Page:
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Forget Fashion: Why Marks & Spencer Refocused on Food

U.K. retailer Marks & Spencer is focused more on store technology and online delivery these days as it eyes services to offset deteriorating store sales in apparel and home.

It’s already testing a contactless delivery service for its click-and-collect program, and starting Tuesday consumers can begin to receive food deliveries through M&S’s partnership with home shopping service Ocado. M&S raised 600 million pounds ($797.1 million) in August 2019 for a 50 percent stake in Ocado Retail, a joint venture with Ocado Group plc, a software and robotics platform business.

“Our partners at Ocado are getting ready for the launch and they have now begun to make all our M&S products available for their customers to add to their baskets for delivery slots starting from 1 September,” M&S said on its website.

Virtually all apparel retailers globally have been impacted by the Covid-19, pandemic, particularly as governments mandates temporarily shut down brick-and-mortar retail. Merchants selling essentials have been the beneficiaries of the new normal that has kept many consumers wary of setting foot in store. And while many retailers have e-commerce platforms through which to sell apparel during the closures, the consumer’s attention has been, and continues to be, focused more on necessities.

In the U.S., mass discounters such as  Walmart and Target remained opened during the COVID-19 outbreak and saw consumer demand skyrocket for food, paper goods and cleaning products as they shopped online. And while both are seeing consumers pick up the pace on purchases of casual and loungewear-focused apparel merchandise, what’s not leveling off is the growth rate for online. What’s also spiking higher, especially at Target, has been growth in same-day services and other forms of contactless delivery.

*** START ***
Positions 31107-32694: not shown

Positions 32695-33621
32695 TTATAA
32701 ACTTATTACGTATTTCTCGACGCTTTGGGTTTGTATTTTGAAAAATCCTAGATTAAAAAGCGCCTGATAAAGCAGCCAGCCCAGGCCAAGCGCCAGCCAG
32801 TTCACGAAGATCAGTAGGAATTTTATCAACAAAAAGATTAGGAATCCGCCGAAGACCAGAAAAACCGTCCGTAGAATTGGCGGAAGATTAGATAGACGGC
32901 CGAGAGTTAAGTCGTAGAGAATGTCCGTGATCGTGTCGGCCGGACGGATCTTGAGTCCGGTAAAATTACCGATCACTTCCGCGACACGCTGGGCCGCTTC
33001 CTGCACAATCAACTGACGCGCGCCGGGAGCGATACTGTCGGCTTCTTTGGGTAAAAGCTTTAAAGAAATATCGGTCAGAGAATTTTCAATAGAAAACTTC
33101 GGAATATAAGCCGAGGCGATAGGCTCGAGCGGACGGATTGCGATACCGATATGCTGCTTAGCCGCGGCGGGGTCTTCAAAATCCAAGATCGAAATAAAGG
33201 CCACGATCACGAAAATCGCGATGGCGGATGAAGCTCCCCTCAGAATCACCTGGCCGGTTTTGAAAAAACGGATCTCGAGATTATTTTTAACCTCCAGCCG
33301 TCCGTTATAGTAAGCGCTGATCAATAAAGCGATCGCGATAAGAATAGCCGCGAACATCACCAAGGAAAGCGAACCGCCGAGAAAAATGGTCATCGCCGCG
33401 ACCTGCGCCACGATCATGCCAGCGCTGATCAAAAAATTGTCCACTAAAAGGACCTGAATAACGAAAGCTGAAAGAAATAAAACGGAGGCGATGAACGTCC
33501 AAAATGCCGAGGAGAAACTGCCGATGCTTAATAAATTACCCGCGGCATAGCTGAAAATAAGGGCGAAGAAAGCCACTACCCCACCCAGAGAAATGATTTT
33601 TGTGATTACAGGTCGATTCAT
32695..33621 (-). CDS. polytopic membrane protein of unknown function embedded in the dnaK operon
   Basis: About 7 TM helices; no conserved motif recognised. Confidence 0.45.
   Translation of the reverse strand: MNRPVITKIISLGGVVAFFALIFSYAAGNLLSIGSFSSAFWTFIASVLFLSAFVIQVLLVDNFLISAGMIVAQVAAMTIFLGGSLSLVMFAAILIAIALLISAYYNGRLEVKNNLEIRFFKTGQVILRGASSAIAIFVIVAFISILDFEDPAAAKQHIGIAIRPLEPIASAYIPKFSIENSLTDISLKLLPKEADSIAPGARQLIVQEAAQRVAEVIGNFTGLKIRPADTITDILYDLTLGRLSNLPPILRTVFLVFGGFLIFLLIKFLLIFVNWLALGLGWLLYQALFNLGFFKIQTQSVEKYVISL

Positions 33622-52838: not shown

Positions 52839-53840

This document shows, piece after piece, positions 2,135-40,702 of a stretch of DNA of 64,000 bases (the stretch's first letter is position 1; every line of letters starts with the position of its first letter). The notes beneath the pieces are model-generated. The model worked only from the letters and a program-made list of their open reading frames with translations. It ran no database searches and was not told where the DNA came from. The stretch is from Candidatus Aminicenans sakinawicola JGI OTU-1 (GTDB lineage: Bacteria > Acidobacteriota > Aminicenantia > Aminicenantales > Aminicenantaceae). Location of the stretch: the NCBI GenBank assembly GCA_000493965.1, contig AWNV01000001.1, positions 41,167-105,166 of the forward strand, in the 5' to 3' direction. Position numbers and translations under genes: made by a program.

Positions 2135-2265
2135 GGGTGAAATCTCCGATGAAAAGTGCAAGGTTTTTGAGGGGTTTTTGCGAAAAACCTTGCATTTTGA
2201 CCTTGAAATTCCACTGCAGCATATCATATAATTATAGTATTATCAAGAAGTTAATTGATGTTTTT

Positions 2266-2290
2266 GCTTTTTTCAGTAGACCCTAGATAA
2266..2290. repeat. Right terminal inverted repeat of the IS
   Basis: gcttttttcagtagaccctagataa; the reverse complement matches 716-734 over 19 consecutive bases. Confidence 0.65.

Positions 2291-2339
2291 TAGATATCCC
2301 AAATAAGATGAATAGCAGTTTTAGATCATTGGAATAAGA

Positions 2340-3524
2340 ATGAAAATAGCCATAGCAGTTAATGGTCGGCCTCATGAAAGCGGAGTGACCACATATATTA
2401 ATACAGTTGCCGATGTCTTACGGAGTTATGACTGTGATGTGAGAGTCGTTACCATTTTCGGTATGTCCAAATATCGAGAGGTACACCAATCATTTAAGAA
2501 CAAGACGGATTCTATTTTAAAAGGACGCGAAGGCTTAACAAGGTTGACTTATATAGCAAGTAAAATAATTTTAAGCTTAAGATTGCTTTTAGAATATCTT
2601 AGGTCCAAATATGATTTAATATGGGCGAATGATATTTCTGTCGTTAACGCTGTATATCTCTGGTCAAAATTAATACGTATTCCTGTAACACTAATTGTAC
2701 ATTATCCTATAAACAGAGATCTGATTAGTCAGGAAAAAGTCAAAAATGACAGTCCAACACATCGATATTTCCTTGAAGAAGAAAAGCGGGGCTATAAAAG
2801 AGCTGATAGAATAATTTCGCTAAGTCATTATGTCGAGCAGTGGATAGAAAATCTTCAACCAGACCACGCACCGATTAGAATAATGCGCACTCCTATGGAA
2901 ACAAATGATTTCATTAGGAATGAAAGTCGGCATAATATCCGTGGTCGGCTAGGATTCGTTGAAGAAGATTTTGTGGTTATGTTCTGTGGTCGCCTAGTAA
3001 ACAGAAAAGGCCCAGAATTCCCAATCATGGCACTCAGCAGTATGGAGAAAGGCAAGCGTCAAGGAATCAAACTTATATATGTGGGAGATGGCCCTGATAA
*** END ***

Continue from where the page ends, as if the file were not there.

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Those trends in the U.S. are similar to what U.K. high-street retailers have been experiencing throughout Covid-19’s disruption. While food halls were able to remain open during the outbreak, it was online delivery services that saw growth across the pond, not unlike the growth in the U.S. seen from the likes of Fresh Direct and Thrive Market.

The coronavirus pandemic has toppled Debenhams, into administration, the U.K. equivalent of a bankruptcy in the U.S. Many retailers have also resorted to reducing headcount to survive amid the downtown as consumers continue to stay away from brick-and-mortar stores. Debenhams said it would cut 2,500 roles at its department store operations, joining the job-cutting likes of John Lewis, Harrods, Topshop owner Arcadia Group and Selfridges, to name a few.

Even M&S wasn’t immune—after cutting 950 jobs, the company last week said it will lose another 7,000 over the next three months. M&S is compressing its turnaround plan from three years to 12 months, investing more in online fulfillment as it looks to reshape its store portfolio.

In its update on operations last week, M&S said online sales from mid-June to mid-August represented 41 percent of the company’s total clothing and home sales, with the retailer noting that 68 percent of orders have been delivered to homes, versus 29 percent for the same period a year ago. The chain also noted that following a successful relaunch in July, 8.2 million customers are now members of its new Sparks program, and over 800,000 have downloaded the M&S app since launch. The Sparks digital first loyalty program offers a more personalized experience with instant rewards and tailored personal offers.